Gap year job info. How to find jobs on a working holiday or gap year.
A working holiday visa gives the chance to make some money while you’re away. More money means a longer trip, more friends, more good times and overseas work experience can add value to your CV or resume. Below are some general thoughts and ideas about working abroad and how to find gap year jobs. Time spent preparing now will pay off when your trip is underway.
Finding a gap year job in 15 seconds
- Decide what you want to achieve from working abroad
- Don’t be too fussy about your choice of job; have realistic expectations
- Casual work (cafes, bars, restaurants, shops, harvesting, etc.) is easiest to find
- Approach employers face-to-face by visiting places in person
- Make sure your travel insurance will cover the type of work you will do
- Career work is possible, but needs more preparation (see Hospitality Internship Australia)
- Work abroad companies and job clubs can help but check their services before paying
- Train abroad and then use your new skills to get a job
To get the most out of your trip it helps to know what you want to achieve from the work abroad part of the adventure. Different people have different expectations; we’ve put together some questions to help you recognise how important finding work is to you.
- Do you need to work? How soon after arrival – how long will your money last?
- What sort of job do you want to do?
- What sort of job can you do?
- What sort of job are you prepared to do?
- Is work experience an essential part of your trip?
Next you can think about your approach to job hunting. We’ve identified three categories of job hunter on a working holiday (although there may be more). Knowing which type of person you are will help you to prepare:
- Casual – you’ll take work if it comes your way but won’t spend much time actively searching. You’ve got enough money for the trip already.
- Essential – your trip is dependent on you earning while away. You will look hard, and take any job. If you don’t get a job you’ll have to come home early.
- Professional – you are only prepared to take career related work to enhance your CV/resume; you will have a professional approach to your job hunt and already appreciate that finding the right job may take time. [Back to the Top]
Generally there are very few restrictions (check specific visa regulations for any limitations, this will vary from one country to another). However, it will be a competitive job market so the more preparation you can do before you leave home the better. If you are a Casual or Essential job hunter you need to consider casual employment. We’ve given some ideas of the types of job you can look for in the next section.
Check your travel insurance carefully; make sure it covers the type of work you will or could be doing. Employers liability will not cover for international needs like flying you home.
The most opportunities will come from jobs where there is high demand and high staff turnover. These include bar work, waiting tables in restaurants & cafés, retail shops, hotel room attendants (chamber maids), shelf stackers, night porters, night security, theme park ride operators, telephone sales/canvassing, street canvassing, lift (ski) operators, harvesting and crop picking.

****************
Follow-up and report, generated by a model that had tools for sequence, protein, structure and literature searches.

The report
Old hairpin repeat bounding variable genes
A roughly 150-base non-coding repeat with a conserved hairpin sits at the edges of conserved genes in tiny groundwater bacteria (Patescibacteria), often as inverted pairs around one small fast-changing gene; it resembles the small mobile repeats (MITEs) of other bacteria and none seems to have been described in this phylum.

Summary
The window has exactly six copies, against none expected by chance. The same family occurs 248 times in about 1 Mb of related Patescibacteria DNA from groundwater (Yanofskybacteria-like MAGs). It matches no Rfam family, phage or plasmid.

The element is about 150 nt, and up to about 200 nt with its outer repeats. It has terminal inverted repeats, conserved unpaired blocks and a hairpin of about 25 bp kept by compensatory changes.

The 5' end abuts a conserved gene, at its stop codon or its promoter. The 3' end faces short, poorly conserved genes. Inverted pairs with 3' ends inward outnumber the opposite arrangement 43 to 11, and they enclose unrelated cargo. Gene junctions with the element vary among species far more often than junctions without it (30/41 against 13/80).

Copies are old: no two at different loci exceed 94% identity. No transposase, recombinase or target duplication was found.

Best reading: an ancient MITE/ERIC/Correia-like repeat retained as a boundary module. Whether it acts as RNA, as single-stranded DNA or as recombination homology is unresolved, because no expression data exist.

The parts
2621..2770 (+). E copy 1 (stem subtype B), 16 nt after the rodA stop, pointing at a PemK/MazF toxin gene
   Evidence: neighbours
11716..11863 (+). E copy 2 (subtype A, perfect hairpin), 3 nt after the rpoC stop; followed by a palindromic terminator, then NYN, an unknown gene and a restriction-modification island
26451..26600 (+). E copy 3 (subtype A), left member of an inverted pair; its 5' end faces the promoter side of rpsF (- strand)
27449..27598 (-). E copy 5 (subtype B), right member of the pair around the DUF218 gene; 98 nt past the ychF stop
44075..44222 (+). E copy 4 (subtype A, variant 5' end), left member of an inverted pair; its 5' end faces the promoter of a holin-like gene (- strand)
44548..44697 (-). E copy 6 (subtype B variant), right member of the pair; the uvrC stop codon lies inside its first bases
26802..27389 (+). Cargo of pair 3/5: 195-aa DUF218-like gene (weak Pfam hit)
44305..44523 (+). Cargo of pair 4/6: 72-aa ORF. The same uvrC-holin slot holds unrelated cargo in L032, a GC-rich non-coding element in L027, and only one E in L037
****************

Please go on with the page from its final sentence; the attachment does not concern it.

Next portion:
Other popular jobs include ski-instructing and lifeguarding but these require specific skills and are only available to those with appropriate qualifications.
Before you leave home prepare different versions of your CV/resume to match the styles of work you could do. Keep copies online so you can update .
Try and get relevant work experience before you travel. This is especially important if you haven’t had a job before. Your chances of getting work will improve significantly if you can show that you’ve done something similar before.
How to find casual work
It’s all about being in the right place at the right time. Employers are normally trying to fill a vacancy for an immediate start and it is unusual for casual jobs to be offered to people before they are actually in-country. You can start your job hunt using the usual resources of online agencies & listings, recruitment agencies, national and local press.
However, the most successful way of finding jobs in these areas is to approach companies directly, face-to-face once you’ve arrived in your destination. Pick a high street or retail park and approach each shop, bar, restaurant, café or hotel and ask if they need any staff. Its a perfectly acceptable way to find work and you don’t need to feel embarrassed. You will need to remain positive as it may take several days of approaching companies before you get your job. But don’t get disheartened, a job will come.
A few tips for face-to-face job hunting (apologies in advance if they are obvious):
- Always be well presented
- Make sure you have your mobile number on your CV/resume
- Leave your CV/resume with anyone you meet. Where possible send a follow up email along with a soft copy of your CV
- Choose your time; don’t approach bars and restaurants when they are at their busiest
- Always speak to the manager
- Be positive and upbeat. You won’t get a job if you are miserable!
- If there aren’t any vacancies, ask whether they know any other places that are hiring
- Some companies (for example larger hotels) may have an online or written application process; follow up your visit with a trip to the internet café to make the online application
- There’s no harm in visiting the same place more than once – if there’s a particular store or restaurant locally that you’d like to work in make sure you are a regular visitor!
The most important thing for the casual job hunter is to take anything that is offered to you. Don’t be fussy. Get a job start earning some money and if the job is awful, make sure you keep looking for an alternative.